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The team involved into the NOvA neutrino experiment recently announced that their Near Detector located at U.S. Department of Energy’s Fermilab center in Batavia, Illinois, was successful in spotting several instances when the elusive neutrino particles changed their state.
Researchers published a fist paper on the government-funded experiments August 7. All the team members were “ecstatic” over the new findings. It is the first time neutrinos’ oscillations are detected and proved to be real.
“For all the people who worked over the course of a decade on the designing, building, commissioning, and operating this experiment, it’s beyond gratifying,”
said Peter Shanahan a spokesman for Fermilab.
Researchers are also excited that a $1.4 million grant was recently approved by the National Science Foundation, so they are able to continue laboratory tests under NOvA and other neutrino-related projects.
NOvA is one of the few studies on neutrinos in the world. Neutrinos are very hard to detect, almost impossibly one may say, because they are subatomic, carry no charge, and rarely come in contact with other particles.
So, researchers needed to fire countless neutrino-loaded beams, sift through the background noise, and spot the traces the elusive particles leave behind after they collide with other particles. Most common neutrino sources are nuclear reactors and stars.
Despite being so hard to catch, neutrinos come in large quantities. They can usually fall under three categories – tau-, electron-, and muon-type neutrinos. But they aren’t locked into one category or another. They can change their status, or oscillate. Fermilab scientists planned to catch neutrinos oscillate.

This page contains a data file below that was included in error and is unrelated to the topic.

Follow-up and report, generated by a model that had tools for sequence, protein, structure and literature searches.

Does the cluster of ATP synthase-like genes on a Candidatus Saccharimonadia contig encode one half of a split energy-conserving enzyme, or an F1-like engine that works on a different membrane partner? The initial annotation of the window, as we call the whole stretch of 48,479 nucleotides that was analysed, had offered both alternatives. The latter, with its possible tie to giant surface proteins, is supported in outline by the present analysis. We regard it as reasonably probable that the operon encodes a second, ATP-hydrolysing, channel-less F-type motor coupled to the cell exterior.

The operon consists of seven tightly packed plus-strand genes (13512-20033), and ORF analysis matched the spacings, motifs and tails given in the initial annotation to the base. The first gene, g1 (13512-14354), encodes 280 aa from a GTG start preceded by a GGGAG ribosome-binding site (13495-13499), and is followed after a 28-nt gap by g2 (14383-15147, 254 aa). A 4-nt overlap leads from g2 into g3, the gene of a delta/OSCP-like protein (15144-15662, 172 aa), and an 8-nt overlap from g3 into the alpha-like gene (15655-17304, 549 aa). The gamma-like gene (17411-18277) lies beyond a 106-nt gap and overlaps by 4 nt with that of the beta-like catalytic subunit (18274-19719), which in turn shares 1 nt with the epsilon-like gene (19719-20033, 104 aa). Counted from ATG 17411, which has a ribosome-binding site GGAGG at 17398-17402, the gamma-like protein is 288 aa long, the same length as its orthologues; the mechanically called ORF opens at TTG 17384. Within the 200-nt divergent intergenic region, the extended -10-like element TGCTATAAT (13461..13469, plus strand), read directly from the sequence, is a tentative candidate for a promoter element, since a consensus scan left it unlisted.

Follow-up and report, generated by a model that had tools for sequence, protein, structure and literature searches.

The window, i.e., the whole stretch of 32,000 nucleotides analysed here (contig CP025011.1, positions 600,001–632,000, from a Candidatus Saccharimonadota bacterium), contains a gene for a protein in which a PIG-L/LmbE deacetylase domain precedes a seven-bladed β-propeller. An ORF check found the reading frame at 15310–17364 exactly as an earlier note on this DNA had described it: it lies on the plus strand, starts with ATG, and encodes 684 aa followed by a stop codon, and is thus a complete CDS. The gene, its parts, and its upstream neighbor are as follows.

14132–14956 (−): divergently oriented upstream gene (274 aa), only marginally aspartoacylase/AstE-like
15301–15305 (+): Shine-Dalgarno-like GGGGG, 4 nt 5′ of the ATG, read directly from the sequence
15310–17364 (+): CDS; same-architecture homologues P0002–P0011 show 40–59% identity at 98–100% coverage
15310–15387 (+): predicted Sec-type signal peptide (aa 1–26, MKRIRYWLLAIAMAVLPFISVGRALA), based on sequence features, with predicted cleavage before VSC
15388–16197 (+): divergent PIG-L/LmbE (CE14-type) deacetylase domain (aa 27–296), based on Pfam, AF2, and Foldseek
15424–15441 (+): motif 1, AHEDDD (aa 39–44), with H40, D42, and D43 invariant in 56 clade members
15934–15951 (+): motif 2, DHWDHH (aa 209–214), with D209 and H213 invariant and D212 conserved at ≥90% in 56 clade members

During NOvA experiments, a beam of muon particles is shot by the Fermilab Near Detector towards the Far Detector located 500 miles away, in northern Minnesota. Next, Minnesota scientists look for evidence that muon-type neutrinos morphed into electron-type ones. They also expect neutrinos to simply vanish or transition to a different type.
The recent findings made during the experiment were first published Aug. 6, and they were first publicly disclosed Aug. 7 during an American Physical Society’s meeting. The latest findings clearly show that the experiments work as planned and the detector does a good job in detecting and gathering information on neutrinos.
Researchers announced that they also have proof that neutrinos oscillate during their 500-mile trip. Study authors said that if they didn’t the team at the Far Detector would have detected a single event. Instead the Minnesota team picked up six separate events on a primary analysis.
That indicated that neutrinos indeed change from muon-type to electron-type. And those oscillation may be even more frequent than scientists first learned, because a subsequent analysis showed that there were more than six events recorded by the Far Detector.
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